Carbon-based magnetic nanocomposite as catalyst for persulfate activation: a critical review

  • Ya Pang
  • Kun LuoEmail author
  • Lin TangEmail author
  • Xue Li
  • Jiangfang Yu
  • Junyuan Guo
  • Yuanyuan Liu
  • Zhu Zhang
  • Ran Yue
  • Ling Li
Review Article


The activation of persulfate to produce active radicals has been attracting wide attention in environmental remediation fields. Among various catalysts, non-metal carbocatalysts and carbon-based composites have shown attractive prospects given that they are environmental-friendly, highly efficient, abundant, and diverse. In this paper, the use of carbon-based magnetic nanocomposites as catalysts for persulfate activation was reviewed and discussed. The preparation methods of carbon-based magnetic nanocomposites were first briefly summarized. Subsequently, the use of activated carbon, carbon nanotubes, graphene oxide, biochar, and nanodiamond-based magnetic composites to activate persulfate was discussed, respectively. A synergetic effect between carbon materials and magnetic nanoparticles facilitated the activation process because of the increased electron transfer capacity, good dispersity of magnetic nanoparticles, and good repeatability and separability. Both radical and non-radical pathways were detected in the activation processes, but the specific mechanisms were greatly influenced by the components of the catalyst and solution conditions. And fundamental studies were needed to clarify the inner mechanisms of the process. In the end, strategies for enhancing the catalytic performances of carbon-based magnetic nanocomposites were suggested. It is expected that this review will provide some inspirations for developing highly efficient and green catalyst, as well as sulfate radical–based advanced oxidation technology for the remediation water environment.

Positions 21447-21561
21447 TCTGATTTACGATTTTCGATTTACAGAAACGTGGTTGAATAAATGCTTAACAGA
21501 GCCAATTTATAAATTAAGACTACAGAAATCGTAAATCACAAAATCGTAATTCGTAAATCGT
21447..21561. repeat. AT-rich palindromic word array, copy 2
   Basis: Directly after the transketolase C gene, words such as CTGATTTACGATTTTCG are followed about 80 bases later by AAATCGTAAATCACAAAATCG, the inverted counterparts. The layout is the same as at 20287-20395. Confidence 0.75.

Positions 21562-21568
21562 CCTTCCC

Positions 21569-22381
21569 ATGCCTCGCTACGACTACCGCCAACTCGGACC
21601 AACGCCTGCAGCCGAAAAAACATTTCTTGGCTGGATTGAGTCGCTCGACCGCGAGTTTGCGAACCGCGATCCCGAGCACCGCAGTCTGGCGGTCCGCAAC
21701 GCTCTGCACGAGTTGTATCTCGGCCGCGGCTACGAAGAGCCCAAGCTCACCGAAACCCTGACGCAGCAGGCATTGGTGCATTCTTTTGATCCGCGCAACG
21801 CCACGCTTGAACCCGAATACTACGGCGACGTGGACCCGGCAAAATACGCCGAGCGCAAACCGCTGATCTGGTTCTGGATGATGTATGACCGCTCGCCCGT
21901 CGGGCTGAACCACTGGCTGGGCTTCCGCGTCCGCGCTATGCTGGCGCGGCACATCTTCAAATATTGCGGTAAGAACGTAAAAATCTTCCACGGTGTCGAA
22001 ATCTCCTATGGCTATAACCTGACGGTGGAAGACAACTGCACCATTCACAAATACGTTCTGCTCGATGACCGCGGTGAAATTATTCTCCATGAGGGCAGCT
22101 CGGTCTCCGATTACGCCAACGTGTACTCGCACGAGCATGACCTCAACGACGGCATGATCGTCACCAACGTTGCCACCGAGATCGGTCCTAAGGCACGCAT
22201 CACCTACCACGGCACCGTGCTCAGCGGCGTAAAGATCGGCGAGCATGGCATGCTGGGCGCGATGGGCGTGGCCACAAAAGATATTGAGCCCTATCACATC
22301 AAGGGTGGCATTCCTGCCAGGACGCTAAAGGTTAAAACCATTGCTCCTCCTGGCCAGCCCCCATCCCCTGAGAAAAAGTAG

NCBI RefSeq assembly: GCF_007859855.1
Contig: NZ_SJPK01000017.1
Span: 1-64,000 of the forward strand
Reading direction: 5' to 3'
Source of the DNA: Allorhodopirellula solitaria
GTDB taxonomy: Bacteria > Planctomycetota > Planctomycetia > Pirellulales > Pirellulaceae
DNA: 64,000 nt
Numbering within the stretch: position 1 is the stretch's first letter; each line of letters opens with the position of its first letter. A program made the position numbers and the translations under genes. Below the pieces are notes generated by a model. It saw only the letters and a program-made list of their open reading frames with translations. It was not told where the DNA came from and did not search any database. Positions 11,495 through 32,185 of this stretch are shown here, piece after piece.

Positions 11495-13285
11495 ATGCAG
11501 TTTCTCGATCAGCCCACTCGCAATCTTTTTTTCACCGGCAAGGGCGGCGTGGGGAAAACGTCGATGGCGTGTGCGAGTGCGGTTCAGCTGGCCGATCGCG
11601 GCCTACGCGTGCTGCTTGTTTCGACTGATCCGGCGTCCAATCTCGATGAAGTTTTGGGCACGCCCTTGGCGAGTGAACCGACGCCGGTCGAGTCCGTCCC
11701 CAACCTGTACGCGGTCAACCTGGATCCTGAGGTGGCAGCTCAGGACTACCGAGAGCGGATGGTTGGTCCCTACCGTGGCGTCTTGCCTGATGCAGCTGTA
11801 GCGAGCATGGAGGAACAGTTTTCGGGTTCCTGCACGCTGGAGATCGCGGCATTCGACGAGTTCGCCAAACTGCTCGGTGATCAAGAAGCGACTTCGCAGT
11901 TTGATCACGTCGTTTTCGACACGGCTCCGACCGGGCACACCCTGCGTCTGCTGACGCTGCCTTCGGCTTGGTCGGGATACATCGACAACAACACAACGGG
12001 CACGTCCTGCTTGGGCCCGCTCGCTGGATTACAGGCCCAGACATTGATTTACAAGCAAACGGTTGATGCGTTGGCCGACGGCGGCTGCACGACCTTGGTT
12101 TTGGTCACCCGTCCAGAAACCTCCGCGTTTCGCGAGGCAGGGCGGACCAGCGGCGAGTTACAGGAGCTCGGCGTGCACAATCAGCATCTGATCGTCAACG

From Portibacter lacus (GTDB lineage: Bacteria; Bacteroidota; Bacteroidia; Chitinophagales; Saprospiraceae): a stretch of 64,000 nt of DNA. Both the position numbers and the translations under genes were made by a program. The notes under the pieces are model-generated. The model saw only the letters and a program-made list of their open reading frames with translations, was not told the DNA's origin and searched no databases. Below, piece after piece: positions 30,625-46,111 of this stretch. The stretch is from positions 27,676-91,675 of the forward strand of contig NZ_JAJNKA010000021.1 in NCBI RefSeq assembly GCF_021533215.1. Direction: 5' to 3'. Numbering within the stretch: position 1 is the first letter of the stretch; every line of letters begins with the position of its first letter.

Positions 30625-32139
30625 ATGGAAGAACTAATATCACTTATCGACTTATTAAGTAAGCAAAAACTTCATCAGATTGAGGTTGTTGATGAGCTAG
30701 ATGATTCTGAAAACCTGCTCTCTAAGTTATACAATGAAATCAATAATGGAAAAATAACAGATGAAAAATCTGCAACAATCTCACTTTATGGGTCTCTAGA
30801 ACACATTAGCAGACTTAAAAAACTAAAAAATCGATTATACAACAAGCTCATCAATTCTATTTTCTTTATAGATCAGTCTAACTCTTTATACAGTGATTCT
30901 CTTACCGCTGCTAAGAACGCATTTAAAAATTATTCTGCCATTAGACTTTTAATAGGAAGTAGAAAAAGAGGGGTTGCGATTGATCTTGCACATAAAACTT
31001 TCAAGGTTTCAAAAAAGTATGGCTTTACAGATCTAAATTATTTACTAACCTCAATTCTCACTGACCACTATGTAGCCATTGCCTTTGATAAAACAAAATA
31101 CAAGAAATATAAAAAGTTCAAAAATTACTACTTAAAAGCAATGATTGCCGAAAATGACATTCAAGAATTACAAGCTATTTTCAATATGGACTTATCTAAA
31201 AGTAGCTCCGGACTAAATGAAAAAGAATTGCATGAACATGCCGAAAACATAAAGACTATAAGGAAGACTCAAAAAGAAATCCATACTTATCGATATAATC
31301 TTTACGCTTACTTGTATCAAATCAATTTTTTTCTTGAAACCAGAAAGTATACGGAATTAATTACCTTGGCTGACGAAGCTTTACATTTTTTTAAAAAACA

Carbocatalyst Magnetic nanocomposite Sulfate radical Advanced oxidation technology Persulfate 


Funding information

This work was financially supported by the National Natural Science Foundation of China (No. 51409024, 51508043, 51579096), the Natural Science Foundation of Hu Nan province (No. 2017JJ3341), and the Training program for Excellent Young Innovators of Changsha (No. kq1802022).

Compliance with ethical standards

Conflict of interest

The authors declare that they have no conflict of interest.


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© Springer-Verlag GmbH Germany, part of Springer Nature 2019

Authors and Affiliations

  1. 1.Department of Biology and Environmental EngineeringChangsha UniversityChangshaPeople’s Republic of China
  2. 2.College of Environmental Science and EngineeringHunan UniversityChangshaPeople’s Republic of China
  3. 3.College of Resources and EnvironmentChengdu University of Information TechnologyChengduPeople’s Republic of China
  4. 4.School of ArchitectureChangsha University of Science & TechnologyChangshaPeople’s Republic of China

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